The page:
Sermon for Proper 10

St Stephen’s, Harrisburg --Amos 7:7-15 Well, as you probably know, it’s been barely more than a week now that I’ve been back in Illinois after the 78 th  General Convention of the Episcopal Church. If you’ve managed to look at either or both of the blogs I keep, or followed me on Facebook, you know some of my opinions about what happened in Salt Lake City, perhaps in more detail than anyone was really interested in! There is, of course, a great deal about General Convention that I find annoying, not the least of which is the way it dealt with the major issues, about which I’ve already said a lot, and will probably say more. But there are lesser annoyances as well, and among these lesser annoyances is the habit of considering and passing resolutions that presume to advise the federal government—and even, at times, foreign governments—on matters of public policy, including specific pieces of legislation. Now, in the case of many of these public policy resolutions, I find myself not

Saturday (St Benedict)

Unless I have a meeting scheduled, I usually let myself sleep in on Saturday mornings. Even so, I was startled to find it 8:45 when I woke up. Yesterday was a demanding day, and I came home tired. The main work of the day was to make sure I took a good, long walk, which was duly accomplished between rainstorms. We packed up and hit the road at 3:30 in order to have dinner at the home of some parishioners from St Stephen's, Harrisburg, which will be the site of my Sunday visitation in the morning. It was delightful. After twelve days of eating (mostly high end, because that's what was there) restaurant food in Salt Lake City, I can't say that I had a better meal there than I did in a home in humble Harrisburg, Illinois.


Morning Prayer in the cathedral. Got to work putting meat on the bones of a sermon outline for Proper 11 (the 19th at St Mark's, West Frankfort). Took a returned phone call from one of our rectors to discuss a potential ministry initiative, Kept a scheduled phone date with the Archbishop of Calgary, and old friend and seminary classmate, who was one of my co-consecrators.  Put the finishing touches on the aforementioned sermon draft in time to keep a lunch date with the cathedral Provost, Fr Hook, along with Brenda and Bishop Mike and Kathy Milliken of Western Kansas. Bishop Milliken is in town to preach this evening at the Celebration of a New Ministry for Fr Hook. Visited a bit with the Millikens in my office. He and are are "classmates," in that we were both elected in 2010, and have formed pretty tight bonds with our ten colleagiues and their spouses. Got to work playing with hot wax for Fr Hook's certificate on induction. An annoying (because mostly unavoi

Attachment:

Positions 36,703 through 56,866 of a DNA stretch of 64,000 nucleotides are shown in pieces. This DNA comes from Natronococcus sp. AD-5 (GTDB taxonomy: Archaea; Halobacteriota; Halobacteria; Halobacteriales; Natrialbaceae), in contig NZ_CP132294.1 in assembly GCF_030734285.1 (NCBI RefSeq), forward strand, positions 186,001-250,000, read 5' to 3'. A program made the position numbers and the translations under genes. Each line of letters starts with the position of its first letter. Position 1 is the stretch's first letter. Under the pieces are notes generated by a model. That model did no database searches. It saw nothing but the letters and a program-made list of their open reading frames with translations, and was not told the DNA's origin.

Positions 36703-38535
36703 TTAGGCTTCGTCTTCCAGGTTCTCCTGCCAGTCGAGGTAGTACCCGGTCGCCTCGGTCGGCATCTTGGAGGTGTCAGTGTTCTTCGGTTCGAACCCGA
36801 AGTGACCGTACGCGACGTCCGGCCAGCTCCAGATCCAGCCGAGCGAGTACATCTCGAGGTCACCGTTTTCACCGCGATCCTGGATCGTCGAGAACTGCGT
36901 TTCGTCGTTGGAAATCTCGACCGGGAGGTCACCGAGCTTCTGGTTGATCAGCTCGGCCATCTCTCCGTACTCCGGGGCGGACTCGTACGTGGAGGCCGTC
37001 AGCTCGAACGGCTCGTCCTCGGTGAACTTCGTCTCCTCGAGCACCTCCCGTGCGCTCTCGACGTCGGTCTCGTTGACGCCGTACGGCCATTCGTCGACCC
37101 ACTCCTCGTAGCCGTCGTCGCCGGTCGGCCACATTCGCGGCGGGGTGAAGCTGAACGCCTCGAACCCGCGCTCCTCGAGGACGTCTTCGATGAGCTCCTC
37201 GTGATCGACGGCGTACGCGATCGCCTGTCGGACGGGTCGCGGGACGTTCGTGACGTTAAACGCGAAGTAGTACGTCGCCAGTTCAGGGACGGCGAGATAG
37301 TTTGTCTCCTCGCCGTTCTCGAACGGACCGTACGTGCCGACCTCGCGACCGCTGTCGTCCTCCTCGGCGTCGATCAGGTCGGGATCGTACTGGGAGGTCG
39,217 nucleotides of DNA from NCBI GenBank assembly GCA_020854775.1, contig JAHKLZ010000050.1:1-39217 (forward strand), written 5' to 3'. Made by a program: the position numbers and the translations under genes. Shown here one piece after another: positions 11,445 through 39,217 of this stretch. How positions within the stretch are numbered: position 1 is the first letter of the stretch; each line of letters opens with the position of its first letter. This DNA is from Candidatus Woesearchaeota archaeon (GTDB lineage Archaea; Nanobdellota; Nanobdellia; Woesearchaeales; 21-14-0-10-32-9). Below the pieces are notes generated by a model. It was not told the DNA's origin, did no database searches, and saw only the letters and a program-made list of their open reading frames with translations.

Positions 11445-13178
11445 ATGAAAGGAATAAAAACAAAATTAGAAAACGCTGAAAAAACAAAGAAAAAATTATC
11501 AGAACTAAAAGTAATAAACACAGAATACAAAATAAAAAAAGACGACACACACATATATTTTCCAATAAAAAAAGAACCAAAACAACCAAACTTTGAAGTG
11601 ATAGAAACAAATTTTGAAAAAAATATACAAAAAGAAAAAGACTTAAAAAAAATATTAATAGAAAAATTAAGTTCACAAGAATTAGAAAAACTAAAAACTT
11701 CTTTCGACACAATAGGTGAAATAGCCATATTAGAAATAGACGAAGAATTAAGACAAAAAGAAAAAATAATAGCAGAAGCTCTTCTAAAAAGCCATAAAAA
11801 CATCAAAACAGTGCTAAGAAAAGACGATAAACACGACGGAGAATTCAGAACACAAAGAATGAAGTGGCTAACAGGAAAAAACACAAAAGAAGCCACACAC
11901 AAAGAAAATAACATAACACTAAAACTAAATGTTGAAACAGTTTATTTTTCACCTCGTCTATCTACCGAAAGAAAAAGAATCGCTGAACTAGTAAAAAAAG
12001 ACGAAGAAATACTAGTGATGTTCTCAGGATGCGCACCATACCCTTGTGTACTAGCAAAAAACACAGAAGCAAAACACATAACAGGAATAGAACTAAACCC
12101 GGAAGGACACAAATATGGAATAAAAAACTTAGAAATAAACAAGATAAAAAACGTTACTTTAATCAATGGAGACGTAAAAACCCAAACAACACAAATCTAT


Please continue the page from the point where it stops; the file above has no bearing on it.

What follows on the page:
Back into a "normal" routine, started the day with 45 minutes on a treadmill. Task planning and a bit of email processing at home. Morning Prayer in the cathedral. Prepped for a Nashotah House Executive Committee conference call by looking at several documents emailed yesterday by the Dean. Hosted and participated in said conference call. Attended to a small pastoral-administrative chore on behalf of one of our postulants for ordained ministry. Lunch from La Bamba, eaten at home. Got down to work on the homily I have been invited to give at the English service in Lima Cathedral during our Peru visit later this month. Took a one-line motif and developed it into a rough draft of a sermon. But it consumed most of my afternoon. Took a phone call from an old friend, a priest, with whom I commiserate from time to time over the bumptious state of our church. We are therapy for one another. Took care of another small administrative task, this one related to a marital judgme


Task planning and some email processing at home. Then I got distracted by  this article and the following comments,  in which YFNB figures with some prominence. The times call for thickness of skin, do they not? Comments at the  Facebook version  of the same site are even more uplifting. So I didn't make it in to the office until around 9:30. Morning Prayer in the cathedral. Appointment with a retired priest of the diocese who wanted to discuss some plans and concerns. Began work on refining the draft of my homily for this Sunday (St Stephen's, Harrisburg). Attended and participated in (by giving the homily) the noon funeral for a prominent member of the cathedral congregation. Lunch at home. Leftovers. Finished the work on this Sunday's sermon. Because of the particular physical layout of St Stephen's, I can't conveniently use a pulpit or lectern, so I had to condense my script down to a fold half-sheet of letter size paper. This is actually more work than t